• 40Considering the humble beginnings of the table, it’s crazy to think that there are over 40 different types of table you can use. Even better, each table has its own set of subtypes — the possibilities are endless!
  • 48The average table is about 48 inches long. That’s long enough to comfortably seat about four people. 
  • 4The average number of legs on a table is 4, as it’s often all that’s needed to keep the table upright. That said, there are table designs with more than 4 legs for extra support.
  • 17The drum table — a round, heavy table — was invented in the 17th century.

Five facts about the first table

  • The chair and table combination

    When you think about the invention of the table, it’s natural to also think about the invention of the chair. The funny thing is that both the chair and table share the invention date. In many ways, the ground was the first chair!

  • Both form and function

    The table is the kind of furniture that offers both function and form. For example, the dining table’s uses are obvious, but the accent and bedside table is a little more flexible when it comes to overall use. In most cases, tables can be used in a variety of situations.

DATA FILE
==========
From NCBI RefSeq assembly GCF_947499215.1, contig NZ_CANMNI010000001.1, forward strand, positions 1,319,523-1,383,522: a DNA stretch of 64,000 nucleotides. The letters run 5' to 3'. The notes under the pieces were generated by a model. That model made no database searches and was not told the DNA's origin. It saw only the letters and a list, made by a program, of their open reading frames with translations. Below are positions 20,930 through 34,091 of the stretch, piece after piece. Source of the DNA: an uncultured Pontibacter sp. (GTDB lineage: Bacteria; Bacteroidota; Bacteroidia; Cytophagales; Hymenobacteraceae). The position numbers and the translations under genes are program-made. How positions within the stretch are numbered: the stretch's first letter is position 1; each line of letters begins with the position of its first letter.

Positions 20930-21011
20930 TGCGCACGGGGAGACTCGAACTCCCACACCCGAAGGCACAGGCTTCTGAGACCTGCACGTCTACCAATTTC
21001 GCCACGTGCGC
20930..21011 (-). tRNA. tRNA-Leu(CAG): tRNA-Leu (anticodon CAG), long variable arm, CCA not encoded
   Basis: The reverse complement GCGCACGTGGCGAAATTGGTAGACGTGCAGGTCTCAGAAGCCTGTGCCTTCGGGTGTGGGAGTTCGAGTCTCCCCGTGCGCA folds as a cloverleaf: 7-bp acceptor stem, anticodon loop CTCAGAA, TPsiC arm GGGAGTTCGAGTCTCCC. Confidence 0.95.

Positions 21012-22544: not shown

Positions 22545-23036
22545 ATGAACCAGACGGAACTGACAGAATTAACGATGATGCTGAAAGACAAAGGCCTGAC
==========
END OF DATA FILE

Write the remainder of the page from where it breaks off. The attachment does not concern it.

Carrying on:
• An interior decoration staple

    It’s not easy to imagine any home without a top-quality table. It’s an interior decoration staple, and many professionals will choose other pieces of furniture based on how well they work together with the table.

  • One size fits all

    The reason why the table is so useful is you can accomplish so much with something so simple. If it’s low enough, you can kick back and rest your legs. You can use it for eating, or you can place your laptop on top and get to work.

  • A timeless design

    The thing about the table is that it never needed too much improvement, which is why the overall design doesn’t change. The table is undoubtedly a timeless design.

FAQ about the table

  • How do I choose which table I need for my home?

    It all depends on the room you’re currently looking into. For example, if it’s the living room, you might want to go with an accent table, as you can place it next to the sofa. The dining room, of course, would never be complete without a dining table. In most cases, the question answers itself.

  • Why does it feel so empty without a table?

    It’s strange, isn’t it? If a home doesn’t have a table, people notice it right away. Even if you have no need for a table, the house will look oddly empty without it. There’s a kind of psychological effect due to how long the table’s been a part of modern society.

  • Will tables always be relevant?

    The table’s about as relevant as the chair. There’s no denying that both the table and the chair will never go out of style. We’ll always need these crucial pieces of furniture for our homes.